Rivals to grind it out in OIA Red semifinals
POSTED: Thursday, October 30, 2008
There are few traditional rivals that go back in time the way Kahuku and Waianae do in high school football.
Decades have passed and now we have sons taking the field just as their fathers did 20, 30 or 40 years ago.
Take cousins Danny Kekoanui and St. John Lessary III. Kekoanui has been a formidable running back for the Seariders—his season high of 148 yards and two touchdowns came against defending state champion Leilehua. He followed in the footsteps of his dad, Alexander.
Lessary, one of the key running backs in Kahuku's ground attack, followed his father, St. John Lessary II.
Their fathers played against each other 20 years ago. Waianae, guided by Harry Mitsui, won the Oahu Interscholastic Association championship that season.
This time, the two storied programs meet in the OIA Red semifinals tomorrow night at Aloha Stadium. Kahuku (8-1) is still unbeaten in league play, relying heavily on a deep corps of running backs and an air-tight defense. The fourth-ranked Red Raiders have permitted only 52 points in seven conference games (7.4 per game) thanks to a steady front seven and one of the state's best secondaries.
Aulola Tonga and Jray Galeai are a superb duo at safety.
Ninth-ranked Waianae (5-4) has myriad weapons in its wing-T offense. Kekoanui is a bruiser between the tackles, but has breakaway speed. Johnathan Ligsay, who rushed for 101 yards in last week's win over Castle, is a punishing fullback, as is 290-pound Eleu Wilson.
Though the teams aren't entirely familiar with each other—they did not match up last season—the run-first, trust-your-defense approach has always been a pillar of wisdom to each side. For Kahuku, a return to Aloha Stadium will be poignant. When the Red Raiders last suited up there, it was the first week of full contact and the staff was still in personnel evaluation mode.
Now, both teams are in championship mode.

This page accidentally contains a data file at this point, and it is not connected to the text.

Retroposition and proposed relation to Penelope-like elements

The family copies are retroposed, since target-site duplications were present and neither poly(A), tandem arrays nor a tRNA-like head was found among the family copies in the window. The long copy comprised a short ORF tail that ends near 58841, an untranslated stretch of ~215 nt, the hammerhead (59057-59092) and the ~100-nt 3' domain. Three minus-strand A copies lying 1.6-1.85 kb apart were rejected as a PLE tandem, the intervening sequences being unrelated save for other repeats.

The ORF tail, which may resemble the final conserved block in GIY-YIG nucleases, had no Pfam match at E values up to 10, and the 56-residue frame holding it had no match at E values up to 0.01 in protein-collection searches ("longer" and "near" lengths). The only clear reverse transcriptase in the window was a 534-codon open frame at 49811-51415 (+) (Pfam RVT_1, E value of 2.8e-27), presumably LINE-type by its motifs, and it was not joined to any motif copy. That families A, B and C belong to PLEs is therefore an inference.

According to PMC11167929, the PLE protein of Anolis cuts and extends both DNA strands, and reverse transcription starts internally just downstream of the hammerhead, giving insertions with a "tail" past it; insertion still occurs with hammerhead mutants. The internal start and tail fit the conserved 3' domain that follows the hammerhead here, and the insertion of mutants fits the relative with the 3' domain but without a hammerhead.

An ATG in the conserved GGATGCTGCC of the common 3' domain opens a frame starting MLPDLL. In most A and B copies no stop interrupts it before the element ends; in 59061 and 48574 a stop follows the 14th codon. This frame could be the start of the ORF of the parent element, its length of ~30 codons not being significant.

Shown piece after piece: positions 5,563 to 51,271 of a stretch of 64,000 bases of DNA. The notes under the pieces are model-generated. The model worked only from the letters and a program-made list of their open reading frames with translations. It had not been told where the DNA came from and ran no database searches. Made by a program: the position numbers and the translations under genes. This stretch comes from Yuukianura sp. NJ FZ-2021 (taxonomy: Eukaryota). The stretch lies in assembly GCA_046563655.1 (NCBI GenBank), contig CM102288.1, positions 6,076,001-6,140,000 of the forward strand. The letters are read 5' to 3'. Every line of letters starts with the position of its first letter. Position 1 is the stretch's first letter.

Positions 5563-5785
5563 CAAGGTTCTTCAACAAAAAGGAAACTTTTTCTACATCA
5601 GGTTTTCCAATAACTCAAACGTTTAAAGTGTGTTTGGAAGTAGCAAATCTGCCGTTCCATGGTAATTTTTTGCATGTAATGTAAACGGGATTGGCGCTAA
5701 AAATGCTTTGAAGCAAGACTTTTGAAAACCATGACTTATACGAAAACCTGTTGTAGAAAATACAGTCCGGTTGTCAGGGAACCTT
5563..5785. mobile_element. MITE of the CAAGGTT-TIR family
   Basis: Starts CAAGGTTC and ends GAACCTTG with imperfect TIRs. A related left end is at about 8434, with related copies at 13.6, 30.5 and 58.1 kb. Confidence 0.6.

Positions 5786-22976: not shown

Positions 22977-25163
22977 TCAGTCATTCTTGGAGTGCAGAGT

Here's a look at more matchups in tomorrow's games:
No. 5 Farrington vs. No. 3 Leilehua
A year later, almost to the day, the Governors (7-2) will get another shot at the Mules (8-1). They may be relishing the opportunity after a 7-3 loss to Leilehua in the OIA Red semifinals. In that game, Mules wide receiver Edieson Dumlao recovered from a concussion, returned from a two-week hiatus and had eight catches for 101 yards and the game's lone touchdown.
Dumlao has faced his share of injuries again this fall, but should be at close to full strength tomorrow. It will be Leilehua's underrated defense, though, that will have a high bar to reach. Last year's Mules defense came up with a key interception by Robert Siavii to thwart Farrington in the final 4 minutes.
Siavii, Art Laurel and several more hearty defenders have graduated. Farrington's offense, led by one of the top offensive lines in the state—affectionately known as the Bamboolas—mowed down Kapolei's stellar defense last week.
A note of caution for the Govs fans—the only foe to score more than 14 points was another efficient passing team: Saint Louis. Leilehua quarterback Andrew Manley is now 13-1 as a varsity starter.
Word of Life at No. 8 'Iolani
The Firebrands (2-7, 0-7 Interscholastic League of Honolulu) are coming off a 6-0 loss to Kamehameha and should have momentum as they visit Eddie Hamada Field. 'Iolani (7-3) won the first matchup on Sept. 12, 35-0.
Waimea at Kauai
The Red Raiders (6-0, 4-0) have dominated the KIF and clinched another title during an idle week. Waimea (2-3-1, 2-2-1), which tied Kapaa last weekend, has lost its Midas touch since the days of coach Jon Kobayashi and running back Jordon Dizon. This rivalry, however, is still one of the most intense in the islands.
No. 7 Baldwin vs. Maui
The Bears continue to escape by the hairs of their chinny-chin-chins. After squeaking past Kamehameha-Maui, Baldwin (6-1) rallied from a 25-7 deficit to beat D-II powerhouse Lahainaluna 29-28 last week. The Bears are still growing and building chemistry after losing several standouts to graduation, but time is still on their side. Baldwin topped Maui 37-12 on Sept. 12. Maui (0-7, 0-5 Maui Interscholastic League) is improving, but the record doesn't show it yet in one of the state's top football leagues.
St. Anthony at King Kekaulike
Baldwin's win over Lahainaluna last week clinched the MIL D-I title for the Bears, which means King Kekaulike (3-4, 2-3) is playing for pride from here on out. Na Alii won last year's matchup 55-14. The Trojans (1-6, 1-4) are coming off a loss to Kamehameha-Maui.
Honokaa at Waiakea
Both teams are drifting out of the Big Island Interscholastic Federation D-I second-round race, but the Dragons haven't forgotten a 14-0 home loss to the Warriors four weeks ago. Honokaa (3-5, 2-4) had last week off. Waiakea (2-6, 2-4) was not so fortunate in a lopsided loss at Kealakehe.
Kamehameha-Hawaii at Ka'u
The Warriors (2-7, 2-4 BIIF) are one of the most improved teams in the state—not a surprise considering last year's mass exodus of talent to graduation and a tough first round. That doesn't make this game any easier. Ka'u (0-6, 0-6) had its best game of the year in a 31-16 loss to KS-Hawaii four weeks ago.